December 28, 2010

Lapsed Policies Cost Whole LIfe Insurance Holders Big Time

The article Cash Value in life Insurance: Whats it worth to you?  on the insure.com site has a good examination of cash value insurance.   One detail they point out is "according to LIMRA International, 12.7 percent of whole life insurance policyholders will lapse their policies in the first year, 8.1 percent will lapse in the second year and another 5.5 percent will lapse in the third year."    12.7 + 8.1 + 5.5 = 26.3%  So that means that 26.3% of cash value insurance policies are canceled within the first 3 years.      I was curious on the LIMRA data so I did a search and found this older document from the 90's that cites similar figures.

The insure.com article cites annual return rates based on each year.  The 1st year your loss is 100%.    The 2nd year they cite a loss of 97.4%.   If you hang on to the 3rd year the loss is "only" 19.3%.   They also say the average annual rate of return for the first 5 years is -10.7%. 

If you add those two facts together than about a quarter of people who buy whole life insurance cancel their policies within the first three years and lose a significant amount of their investment.

One in five people who invest in whole life policies lose over 90-100% of their investment due to lapsing within the first two years.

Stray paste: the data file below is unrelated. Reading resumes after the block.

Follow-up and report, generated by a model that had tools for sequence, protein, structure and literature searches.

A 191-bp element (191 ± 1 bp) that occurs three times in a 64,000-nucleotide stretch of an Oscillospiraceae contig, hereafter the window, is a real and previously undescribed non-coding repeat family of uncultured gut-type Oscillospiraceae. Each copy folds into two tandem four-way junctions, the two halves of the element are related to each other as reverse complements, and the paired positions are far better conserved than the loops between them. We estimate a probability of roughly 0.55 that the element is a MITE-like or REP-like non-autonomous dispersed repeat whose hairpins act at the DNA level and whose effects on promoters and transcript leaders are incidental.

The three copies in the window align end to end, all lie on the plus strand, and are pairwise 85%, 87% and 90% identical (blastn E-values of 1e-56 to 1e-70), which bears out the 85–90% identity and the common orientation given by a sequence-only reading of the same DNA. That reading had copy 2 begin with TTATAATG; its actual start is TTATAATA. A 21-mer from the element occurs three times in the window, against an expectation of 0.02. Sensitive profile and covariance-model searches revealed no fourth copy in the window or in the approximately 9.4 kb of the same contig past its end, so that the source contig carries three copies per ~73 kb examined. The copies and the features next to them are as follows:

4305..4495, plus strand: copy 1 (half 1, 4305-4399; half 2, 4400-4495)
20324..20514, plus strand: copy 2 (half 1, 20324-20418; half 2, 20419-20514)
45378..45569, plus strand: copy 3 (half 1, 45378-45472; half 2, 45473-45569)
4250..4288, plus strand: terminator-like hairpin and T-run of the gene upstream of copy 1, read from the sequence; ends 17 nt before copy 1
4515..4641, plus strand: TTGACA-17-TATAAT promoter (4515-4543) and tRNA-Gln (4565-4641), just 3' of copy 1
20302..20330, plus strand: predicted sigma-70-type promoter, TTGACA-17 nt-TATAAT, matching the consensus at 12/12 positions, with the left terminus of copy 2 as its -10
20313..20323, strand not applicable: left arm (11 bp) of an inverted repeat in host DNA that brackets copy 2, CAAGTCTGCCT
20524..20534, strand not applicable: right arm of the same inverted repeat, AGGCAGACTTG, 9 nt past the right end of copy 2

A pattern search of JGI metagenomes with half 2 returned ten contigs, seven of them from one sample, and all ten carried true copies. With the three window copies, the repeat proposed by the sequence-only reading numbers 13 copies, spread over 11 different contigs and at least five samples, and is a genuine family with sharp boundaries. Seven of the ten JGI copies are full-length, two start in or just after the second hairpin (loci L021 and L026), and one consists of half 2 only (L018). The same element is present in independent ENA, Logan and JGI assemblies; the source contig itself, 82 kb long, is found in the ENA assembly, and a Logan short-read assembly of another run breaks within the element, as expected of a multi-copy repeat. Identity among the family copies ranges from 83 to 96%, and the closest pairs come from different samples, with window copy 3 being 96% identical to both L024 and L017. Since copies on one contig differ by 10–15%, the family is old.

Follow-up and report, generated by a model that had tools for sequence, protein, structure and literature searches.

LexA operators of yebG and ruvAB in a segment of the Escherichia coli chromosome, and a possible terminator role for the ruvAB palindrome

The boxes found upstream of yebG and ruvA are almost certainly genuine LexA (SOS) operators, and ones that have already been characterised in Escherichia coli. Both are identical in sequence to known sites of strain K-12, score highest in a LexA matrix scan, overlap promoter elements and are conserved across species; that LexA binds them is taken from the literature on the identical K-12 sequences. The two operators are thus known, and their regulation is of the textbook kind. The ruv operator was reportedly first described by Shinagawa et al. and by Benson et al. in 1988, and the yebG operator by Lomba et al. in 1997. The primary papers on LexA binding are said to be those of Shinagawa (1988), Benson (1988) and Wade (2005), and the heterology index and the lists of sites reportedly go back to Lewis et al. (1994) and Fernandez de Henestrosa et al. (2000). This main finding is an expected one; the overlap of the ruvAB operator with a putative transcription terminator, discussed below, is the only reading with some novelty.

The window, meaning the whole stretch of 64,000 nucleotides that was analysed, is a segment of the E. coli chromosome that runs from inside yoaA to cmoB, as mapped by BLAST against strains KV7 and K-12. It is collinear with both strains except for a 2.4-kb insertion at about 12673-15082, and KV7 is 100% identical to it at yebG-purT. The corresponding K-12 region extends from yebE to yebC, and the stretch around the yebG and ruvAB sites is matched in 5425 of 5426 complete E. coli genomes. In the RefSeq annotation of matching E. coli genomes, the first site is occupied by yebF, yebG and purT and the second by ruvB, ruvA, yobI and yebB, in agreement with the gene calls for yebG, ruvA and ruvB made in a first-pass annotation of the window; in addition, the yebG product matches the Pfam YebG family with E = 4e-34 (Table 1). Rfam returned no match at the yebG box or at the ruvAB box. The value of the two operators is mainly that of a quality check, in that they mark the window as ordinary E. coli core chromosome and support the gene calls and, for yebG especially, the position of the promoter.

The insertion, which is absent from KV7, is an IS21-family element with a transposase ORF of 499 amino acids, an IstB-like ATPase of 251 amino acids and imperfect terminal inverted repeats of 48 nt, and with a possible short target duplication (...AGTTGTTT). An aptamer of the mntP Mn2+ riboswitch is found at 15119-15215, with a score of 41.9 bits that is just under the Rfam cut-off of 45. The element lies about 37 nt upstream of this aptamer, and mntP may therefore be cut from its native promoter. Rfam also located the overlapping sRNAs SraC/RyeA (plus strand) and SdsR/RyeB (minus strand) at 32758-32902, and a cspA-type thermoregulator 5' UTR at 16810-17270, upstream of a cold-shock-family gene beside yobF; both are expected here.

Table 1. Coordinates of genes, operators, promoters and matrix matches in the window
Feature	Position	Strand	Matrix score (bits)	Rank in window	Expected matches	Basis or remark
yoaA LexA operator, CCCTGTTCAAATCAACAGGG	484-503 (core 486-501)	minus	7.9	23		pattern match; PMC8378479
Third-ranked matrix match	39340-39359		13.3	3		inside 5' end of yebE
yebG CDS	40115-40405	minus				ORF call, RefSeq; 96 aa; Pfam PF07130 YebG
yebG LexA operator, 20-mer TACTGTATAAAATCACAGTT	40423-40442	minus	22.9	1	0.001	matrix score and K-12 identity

Thats a pretty big deal.   One in five is a lot of people.   Losing 90% or more of your investment is also a very big deal.

Term policy holders also lapse at high rates in the first 5 years.   So this is not something unique to whole life insurance.   But with whole life insurance you have a cash investment involved that has negative return within the first few years.   Lapsing on a term policy only costs you nothing more than the insurance premium which provided you insurance.   Lapsing on a whole life policy can lose up to 100% of your cash investment.

I should point out that lapsing on a policy is something that the holder of the policy does themselves so its within the control of the policy holder.   If you don't lapse the policy then this won't hurt you.   But stuff happens in life so you may end up lapsing due to things outside your control.   If you buy an expensive policy and then face a financial catastrophe in your life the next year then you may not be able to afford the premiums any longer.

1 comment:

  1. This is very interesting - I had no idea the lapse rate was so high. I would assume that the folks who do this are mostly young and had second thoughts. They may not be paying all that much, but even so, as you say, it's a big deal to lose 100% of your investment!

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